Both Sun and Moon play significant roles in this old poem, in a symbolic and supernatural way, in order to reinforce the mood that Samuel Taylor Coleridge has attempted to create in his use of old legends and superstitions. The role that the sun and moon play in this tale of cursed sailors is an old one, retold over and over the years that Coleridge adapted for his own.
Although mentioned several times before, the Sun makes its first significant appearance in the seventh stanza of the second part. Before then, one will find both Sun and Moon mentioned many times purely for the reader's enrichment. The repeated mention leads the reader to believe that it will soon become important by foreshadowing without making it of any greater appearance than mentioning it to describe the scenery in the aforementioned place in the poem. Here Coleridge describes the Sun as "The bloody Sun, at noon". This use of capitalizing such a common word as Sun only goes further to tell the reader to keep an eye out for something not quite right there. For those unfamiliar with old sailors' traditions, they may either skip right over this passage, or read too much into it as a sign of impending doom. An old phrase arises from the history books to describe this perfectly that reads, "Red sky at night, sailor's delight, Red sjy at morning, sailor take warning." When one takes a closer look at this, they might see that it describes storm patterns, but when one realises that the Sun is blood-red at noon--during the day--could this not be a bad omen of sorts?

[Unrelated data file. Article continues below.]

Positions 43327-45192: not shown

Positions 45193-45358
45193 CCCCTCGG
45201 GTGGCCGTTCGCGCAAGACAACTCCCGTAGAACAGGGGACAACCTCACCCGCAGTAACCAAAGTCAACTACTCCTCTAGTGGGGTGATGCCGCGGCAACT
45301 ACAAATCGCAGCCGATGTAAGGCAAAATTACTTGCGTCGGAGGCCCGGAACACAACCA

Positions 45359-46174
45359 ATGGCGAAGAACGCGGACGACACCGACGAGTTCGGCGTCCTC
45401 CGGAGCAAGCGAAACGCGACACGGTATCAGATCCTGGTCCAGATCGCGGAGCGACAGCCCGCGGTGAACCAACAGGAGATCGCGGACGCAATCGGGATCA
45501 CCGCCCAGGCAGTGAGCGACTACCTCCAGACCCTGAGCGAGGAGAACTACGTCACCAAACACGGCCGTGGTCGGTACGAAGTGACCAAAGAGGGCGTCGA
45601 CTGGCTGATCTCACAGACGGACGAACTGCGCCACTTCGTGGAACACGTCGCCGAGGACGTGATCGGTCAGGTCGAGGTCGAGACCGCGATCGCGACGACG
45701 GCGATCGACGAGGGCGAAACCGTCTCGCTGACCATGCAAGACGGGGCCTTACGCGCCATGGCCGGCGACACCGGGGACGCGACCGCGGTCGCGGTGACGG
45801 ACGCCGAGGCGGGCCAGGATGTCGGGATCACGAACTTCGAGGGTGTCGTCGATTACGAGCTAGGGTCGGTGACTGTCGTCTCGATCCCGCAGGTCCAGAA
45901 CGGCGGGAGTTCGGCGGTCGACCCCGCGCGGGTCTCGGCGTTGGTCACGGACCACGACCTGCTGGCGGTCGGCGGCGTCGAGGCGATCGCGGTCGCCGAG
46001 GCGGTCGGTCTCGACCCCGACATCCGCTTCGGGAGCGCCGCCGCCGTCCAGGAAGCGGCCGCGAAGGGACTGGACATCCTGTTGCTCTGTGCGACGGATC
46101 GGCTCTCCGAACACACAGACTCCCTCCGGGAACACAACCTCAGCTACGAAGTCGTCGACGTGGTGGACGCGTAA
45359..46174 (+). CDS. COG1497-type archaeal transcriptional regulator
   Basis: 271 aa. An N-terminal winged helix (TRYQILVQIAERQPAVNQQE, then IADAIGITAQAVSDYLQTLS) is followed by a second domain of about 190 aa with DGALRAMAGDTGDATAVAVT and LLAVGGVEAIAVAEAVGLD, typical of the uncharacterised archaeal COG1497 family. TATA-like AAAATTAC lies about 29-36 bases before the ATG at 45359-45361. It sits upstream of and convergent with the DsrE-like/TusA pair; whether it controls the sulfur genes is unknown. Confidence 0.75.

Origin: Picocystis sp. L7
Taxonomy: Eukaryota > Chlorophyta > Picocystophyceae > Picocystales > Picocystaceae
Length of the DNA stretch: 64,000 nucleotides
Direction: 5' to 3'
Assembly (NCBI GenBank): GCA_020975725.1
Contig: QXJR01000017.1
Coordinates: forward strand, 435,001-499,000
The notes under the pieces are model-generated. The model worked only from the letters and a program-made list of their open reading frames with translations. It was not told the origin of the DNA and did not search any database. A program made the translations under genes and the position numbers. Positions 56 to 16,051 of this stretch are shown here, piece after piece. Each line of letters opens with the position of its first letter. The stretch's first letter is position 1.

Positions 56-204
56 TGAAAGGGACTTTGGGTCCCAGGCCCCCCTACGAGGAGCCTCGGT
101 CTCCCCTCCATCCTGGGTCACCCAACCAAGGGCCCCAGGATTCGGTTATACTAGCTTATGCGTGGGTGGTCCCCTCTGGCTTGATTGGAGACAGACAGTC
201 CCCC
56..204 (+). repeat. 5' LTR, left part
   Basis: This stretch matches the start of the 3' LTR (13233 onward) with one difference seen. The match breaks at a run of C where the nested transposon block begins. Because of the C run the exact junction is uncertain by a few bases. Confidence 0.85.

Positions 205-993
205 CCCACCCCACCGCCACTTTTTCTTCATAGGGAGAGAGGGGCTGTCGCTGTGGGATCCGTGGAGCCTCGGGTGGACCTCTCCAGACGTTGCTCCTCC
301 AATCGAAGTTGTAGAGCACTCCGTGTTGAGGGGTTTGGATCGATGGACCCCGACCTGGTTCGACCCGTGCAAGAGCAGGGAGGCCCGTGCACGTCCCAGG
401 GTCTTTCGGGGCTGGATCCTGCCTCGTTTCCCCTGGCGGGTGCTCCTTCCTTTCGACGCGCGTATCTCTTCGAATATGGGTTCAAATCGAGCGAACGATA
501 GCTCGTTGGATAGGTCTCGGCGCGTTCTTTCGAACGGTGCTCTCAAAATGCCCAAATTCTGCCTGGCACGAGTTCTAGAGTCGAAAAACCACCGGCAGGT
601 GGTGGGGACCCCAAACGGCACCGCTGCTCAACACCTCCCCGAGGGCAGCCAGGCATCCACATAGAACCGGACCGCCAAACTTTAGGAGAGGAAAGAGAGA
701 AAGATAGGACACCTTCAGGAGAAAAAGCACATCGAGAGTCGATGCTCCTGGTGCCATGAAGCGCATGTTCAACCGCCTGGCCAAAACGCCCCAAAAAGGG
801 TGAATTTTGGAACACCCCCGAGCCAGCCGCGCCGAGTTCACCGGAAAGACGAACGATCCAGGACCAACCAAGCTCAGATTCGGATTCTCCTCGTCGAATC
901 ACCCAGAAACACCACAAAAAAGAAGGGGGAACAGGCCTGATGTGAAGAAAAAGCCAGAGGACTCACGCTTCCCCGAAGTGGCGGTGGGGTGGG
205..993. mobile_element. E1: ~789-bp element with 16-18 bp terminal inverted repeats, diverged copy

Further along, it mentions the sun "flecked with bars
as if through a dungeon-grate he peered". It eventually turns out that those bars of prison are the shadows of Death's dead and dying ship, but does this not allude to the approaching change in life that the Ancient Mariner suffers? He becomes trapped in life, to wander the earth forever, spreading his story--a prison of freedom, a cell made out of eternal life. A curse disguised as...
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